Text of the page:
I was about to start retracing my steps when good old James came around the corner! I have never been so happy to get caught by a racer in my life. If James is here than I didn't cheat and I can keep racing!

So off we went again.

Eventually the toll of riding a rigid bike at Wompy took its toll on James, and I dropped him for good around mile 12. This made me feel like a rockstar, but then I remembered feeling great until mile 16 last year. The second half is much harder than the first.

Soon I heard the telltale clang of chainslap through the woods and picked it up bit. After several more miles of hammering I discovered it was Mike Joos I was stalking, and that I was closing on him very slowly.

We had many more miles to go, so I eventually made contact. After riding behind Mike for a while I realized that he was going at about 99.9% of the speed I wanted to ride at. obviously the thing to do in this case was to ride with him and try to beat him at the end.

So when he made a tiny bobble at mile 17 I decided to take the lead and start riding at 110% of how fast I wanted to ride. For one whole mile I was kicking his ass by like, 8 seconds, until the effort caught up with me and I started riding into stuff. He easily caught and dropped me, and I decided that I officially wanted the race to be over now. Oh well. At least I made it two miles further this year!

Mike was quickly out of sight as I dealt with the consequences of my stupidity. Two gels, two miles, and a coke later, I felt like racing bikes again. Well, kinda. I would not have objected to the finish line secretly being moved to mile 20.

There was a two-way section near the end and I saw Kevin Hines going the other way on it. Initially I through he was only 6 or so minutes ahead of me, but it turns out he was twelve minutes up on me and seven minutes ahead of Freye and Foley. At age 48. If I hadn't seen him do stuff like that before (on a less technical course, too) I'd have sworn he cut the course. His time was insane.

The last two miles of the race are pretty fun because you end up on a very technical section of the beginner course while the beginners are finishing. It was littered with people walking their bikes... almost as good as spectators! I got so stoked by how many people were out there racing (and watching me ride stuff they couldn't... don't pretend you wouldn't have felt the same way) that I found a second wind and started legitimately hammering again. In the last thirty seconds of the race I even spied Mike Joos ahead of me, but a very slick wooden bridge and some beginners prevented me from launching a ninja attack on him.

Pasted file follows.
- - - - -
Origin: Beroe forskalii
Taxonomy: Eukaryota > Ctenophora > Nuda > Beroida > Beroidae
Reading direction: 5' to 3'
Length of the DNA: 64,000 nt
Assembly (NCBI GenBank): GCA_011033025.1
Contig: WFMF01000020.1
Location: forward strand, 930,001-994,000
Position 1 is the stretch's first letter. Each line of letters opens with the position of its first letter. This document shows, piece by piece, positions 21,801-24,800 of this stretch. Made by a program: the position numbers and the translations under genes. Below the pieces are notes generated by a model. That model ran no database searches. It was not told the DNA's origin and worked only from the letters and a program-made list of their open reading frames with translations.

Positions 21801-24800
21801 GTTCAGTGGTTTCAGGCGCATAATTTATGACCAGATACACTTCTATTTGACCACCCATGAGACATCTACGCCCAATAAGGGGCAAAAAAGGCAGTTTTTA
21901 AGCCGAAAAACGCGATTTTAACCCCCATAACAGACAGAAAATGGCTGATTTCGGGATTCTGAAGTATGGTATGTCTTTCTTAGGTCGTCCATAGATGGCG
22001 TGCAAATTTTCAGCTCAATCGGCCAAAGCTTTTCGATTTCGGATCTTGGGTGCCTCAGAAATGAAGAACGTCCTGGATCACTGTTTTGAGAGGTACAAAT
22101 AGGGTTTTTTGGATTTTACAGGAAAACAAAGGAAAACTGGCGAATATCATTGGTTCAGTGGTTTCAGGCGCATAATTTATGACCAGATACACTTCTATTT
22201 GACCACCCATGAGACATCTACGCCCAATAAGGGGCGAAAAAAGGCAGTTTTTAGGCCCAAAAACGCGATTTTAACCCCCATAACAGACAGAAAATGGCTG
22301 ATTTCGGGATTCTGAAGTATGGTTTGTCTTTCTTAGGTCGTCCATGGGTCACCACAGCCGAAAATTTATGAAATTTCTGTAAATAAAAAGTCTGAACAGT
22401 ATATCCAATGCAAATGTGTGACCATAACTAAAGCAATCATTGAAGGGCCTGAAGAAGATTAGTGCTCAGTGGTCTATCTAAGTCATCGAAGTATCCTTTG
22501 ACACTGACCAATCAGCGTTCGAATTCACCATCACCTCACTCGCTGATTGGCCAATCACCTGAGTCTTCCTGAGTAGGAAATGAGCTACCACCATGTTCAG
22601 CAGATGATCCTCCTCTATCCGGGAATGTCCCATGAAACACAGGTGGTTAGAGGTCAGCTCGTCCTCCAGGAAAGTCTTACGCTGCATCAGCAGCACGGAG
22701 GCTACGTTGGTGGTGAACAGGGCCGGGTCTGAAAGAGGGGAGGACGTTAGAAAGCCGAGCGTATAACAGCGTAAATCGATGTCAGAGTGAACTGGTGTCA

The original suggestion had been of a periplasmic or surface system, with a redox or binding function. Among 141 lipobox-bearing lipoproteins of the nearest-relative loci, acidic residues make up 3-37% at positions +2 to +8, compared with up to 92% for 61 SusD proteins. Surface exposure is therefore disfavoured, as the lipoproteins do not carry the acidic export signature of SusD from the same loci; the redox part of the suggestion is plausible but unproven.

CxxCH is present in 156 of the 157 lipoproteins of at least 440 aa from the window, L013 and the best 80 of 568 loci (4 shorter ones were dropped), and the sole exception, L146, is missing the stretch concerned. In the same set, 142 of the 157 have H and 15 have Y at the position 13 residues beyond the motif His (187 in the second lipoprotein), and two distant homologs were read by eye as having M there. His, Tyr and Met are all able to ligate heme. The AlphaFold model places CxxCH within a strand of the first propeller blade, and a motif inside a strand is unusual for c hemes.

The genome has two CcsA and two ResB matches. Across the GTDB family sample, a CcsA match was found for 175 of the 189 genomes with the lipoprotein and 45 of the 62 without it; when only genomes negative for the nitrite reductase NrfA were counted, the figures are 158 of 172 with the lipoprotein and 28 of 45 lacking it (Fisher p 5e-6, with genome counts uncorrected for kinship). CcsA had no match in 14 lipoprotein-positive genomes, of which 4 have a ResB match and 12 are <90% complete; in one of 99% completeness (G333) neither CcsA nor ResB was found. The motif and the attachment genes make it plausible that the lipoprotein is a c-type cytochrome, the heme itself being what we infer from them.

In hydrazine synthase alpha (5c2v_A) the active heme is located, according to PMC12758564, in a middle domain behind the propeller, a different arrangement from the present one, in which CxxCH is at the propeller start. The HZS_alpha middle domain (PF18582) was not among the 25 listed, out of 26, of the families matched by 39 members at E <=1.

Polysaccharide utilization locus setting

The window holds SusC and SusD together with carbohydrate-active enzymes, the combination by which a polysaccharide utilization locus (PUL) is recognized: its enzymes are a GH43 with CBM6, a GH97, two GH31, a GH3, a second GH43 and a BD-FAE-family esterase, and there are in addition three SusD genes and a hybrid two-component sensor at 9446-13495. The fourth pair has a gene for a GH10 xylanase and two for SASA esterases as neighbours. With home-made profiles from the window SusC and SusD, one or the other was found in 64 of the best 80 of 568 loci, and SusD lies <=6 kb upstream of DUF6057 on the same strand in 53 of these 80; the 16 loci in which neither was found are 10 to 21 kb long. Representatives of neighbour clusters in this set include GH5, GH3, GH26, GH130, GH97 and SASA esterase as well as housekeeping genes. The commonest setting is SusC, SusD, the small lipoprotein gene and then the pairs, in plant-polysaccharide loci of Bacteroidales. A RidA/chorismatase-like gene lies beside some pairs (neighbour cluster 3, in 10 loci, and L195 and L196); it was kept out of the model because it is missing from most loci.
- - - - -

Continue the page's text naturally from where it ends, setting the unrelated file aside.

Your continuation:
GOLDEN BIKE GUY ended up 4th, behind only two pros and Kevin. Pretty legit performance from a guy who must not race this kind of terrain very often, but hey, that's why he's got THE GOLDEN BIKE and I don't. I was actually the third Cat 1 (8th overall), so if Kevin and Ted both get struck by lightning during the offseason, I would get to defend the Golden Bike at Sea Otter next year. Can you imagine how badly that would go?

So I definitively didn't suck, in fact, this was probably the best mountain bike race of my life. Linnea didn't suck either, as she was second behind Alessandra from Poland, which she described as "almost like winning."

Thus, it can be concluded that if you race almost every weekend from April to mid-August and then take a few weeks off to have an active vacation... you will ride fast when you come back. Shocking!

That, or the New Zealand food is full of EPO. Either way I might have to go back next year.

* - the last race of the series was moved to Mt Snow (on the mountain). It will be the third time racing there for many competitors. I'm skipping it in protest.

2 comments:

CB2 9/15/2009 7:31 AM  

Nice report.

Cathy 9/15/2009 7:46 AM  

And thanks for cheering at me from the pond ;). Man, that last section seemed LONG!